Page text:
A brand new experience begins. You wake up early and feel the urge to run a few miles. If you decide to do that, absent is the familiar sound of someone calling cadence as you run. There's an old favorite cadence that you can somehow still hear. Maybe you decide to utter the words softly as you run. "Left, left, left your right your le-eft!"
When you finish your workout, you have tough decisions to make. Like, "What am I going to wear to work today?" Not having had to ask yourself that question while serving in the military is just part of preparing for your first summer as a Civilian.
Thus begins your transformation into the Civilian World. It may seem odd at first. This feeling might linger on seemingly endlessly like a typical Monday morning run. It might take a while to get adjusted to this, but things can get better every step of the way.
As a newly crowned Civilian, you enter into a new scenario that's quite unfamiliar. Depending on where you now work, you might find it similar to venturing into a foreign land. The people around you speak differently, dress differently, and act differently. You might have trouble communicating in terms they understand.
What's more, you may have gone from managing and leading large groups of people to managing just you and your daily tasks. Your military career involved responsibility for millions of dollars of equipment, yet today you sit in front of a computer screen worth hundreds of dollars. And, maybe when you entered the room while in uniform, people snapped to attention or saluted or greeted you with a formal military-style response appropriate for your rank and position. Yet as a Civilian, maybe you heard a simple "Good Morning!" or maybe nothing at all.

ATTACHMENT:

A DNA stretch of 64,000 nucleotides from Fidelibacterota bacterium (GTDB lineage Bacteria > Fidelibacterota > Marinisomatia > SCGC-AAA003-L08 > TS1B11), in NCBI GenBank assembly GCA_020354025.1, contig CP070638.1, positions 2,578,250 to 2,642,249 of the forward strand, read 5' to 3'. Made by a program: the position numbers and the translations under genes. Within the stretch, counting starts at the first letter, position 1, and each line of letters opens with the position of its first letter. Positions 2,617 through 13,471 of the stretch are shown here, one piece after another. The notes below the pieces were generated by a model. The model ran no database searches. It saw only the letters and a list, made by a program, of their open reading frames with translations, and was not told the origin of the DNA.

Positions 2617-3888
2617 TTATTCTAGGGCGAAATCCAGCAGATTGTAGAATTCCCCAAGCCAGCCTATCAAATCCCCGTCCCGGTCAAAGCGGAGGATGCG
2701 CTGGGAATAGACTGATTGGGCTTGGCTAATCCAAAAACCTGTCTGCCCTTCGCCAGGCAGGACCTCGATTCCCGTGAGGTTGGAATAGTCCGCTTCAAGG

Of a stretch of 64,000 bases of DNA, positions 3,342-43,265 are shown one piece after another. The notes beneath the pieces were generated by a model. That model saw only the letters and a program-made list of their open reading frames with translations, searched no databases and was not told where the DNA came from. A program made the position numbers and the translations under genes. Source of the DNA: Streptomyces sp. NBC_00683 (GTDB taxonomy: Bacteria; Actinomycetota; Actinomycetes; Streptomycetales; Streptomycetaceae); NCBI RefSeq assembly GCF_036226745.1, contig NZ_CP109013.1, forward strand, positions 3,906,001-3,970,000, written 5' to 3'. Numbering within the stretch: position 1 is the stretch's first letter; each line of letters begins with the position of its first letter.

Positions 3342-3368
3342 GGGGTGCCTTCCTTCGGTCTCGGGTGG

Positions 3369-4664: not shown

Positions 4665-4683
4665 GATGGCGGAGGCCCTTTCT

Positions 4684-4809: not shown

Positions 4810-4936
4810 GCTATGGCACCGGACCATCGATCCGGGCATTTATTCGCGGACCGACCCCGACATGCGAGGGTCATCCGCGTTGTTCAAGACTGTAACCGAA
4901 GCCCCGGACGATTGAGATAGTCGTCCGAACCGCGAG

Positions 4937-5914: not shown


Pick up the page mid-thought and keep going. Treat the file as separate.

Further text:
The speed at which you make the adjustment to life after the military is crucial. But, this time these adjustments take on a different approach and a different feel. You see, when you first entered military service, you really didn't know much more than you were told from others who went before you. Reality set in once you hit that first day of training. It doesn't matter if you were Enlisted or an Officer, you got to experience a wake-up call!
Now that you're out of uniform and into civvies, it's time to pay attention to your latest wake-up call. Gone are the screaming Drill Instructors. Gone are the endless physical fitness activities designed to wear you down before building you up. Gone are the feelings of esprit-de-corps you're familiar with. Gone is the type of camaraderie you once enjoyed. Being called by your rank and last name? Gone! As a Civilian, it might take a while to get used to being called by your first name. When hired, you probably earned a nickname and didn't even know it. That nickname is known as a "Development Candidate". You're new, you're unproven in civilian circles, and your new employer hopes to develop you into a leader someday!
I challenge you to pay close attention to your civilian surroundings. Get to know the civilian culture. Watch and learn who the power players are at work. Figure out how the civilian version of chain-of-command operates. Find a Mentor. Take all you learned in the military and apply it strategically and appropriately in all you do. Think about what the ideal military unit felt like. What was it about that unit that brought out the best in you? Now, take some time to familiarize yourself with what makes this civilian company the ideal place to work, just like you did at your best military unit. Then strive to create the best civilian experience possible for yourself. But, just remember it is the civilian world and it is different from what you're used to. Remember, you have 2 ears and 1 mouth so it may be a good idea to do twice as much listening as talking for a while.
What experiences as a new Civilian do you have to share?
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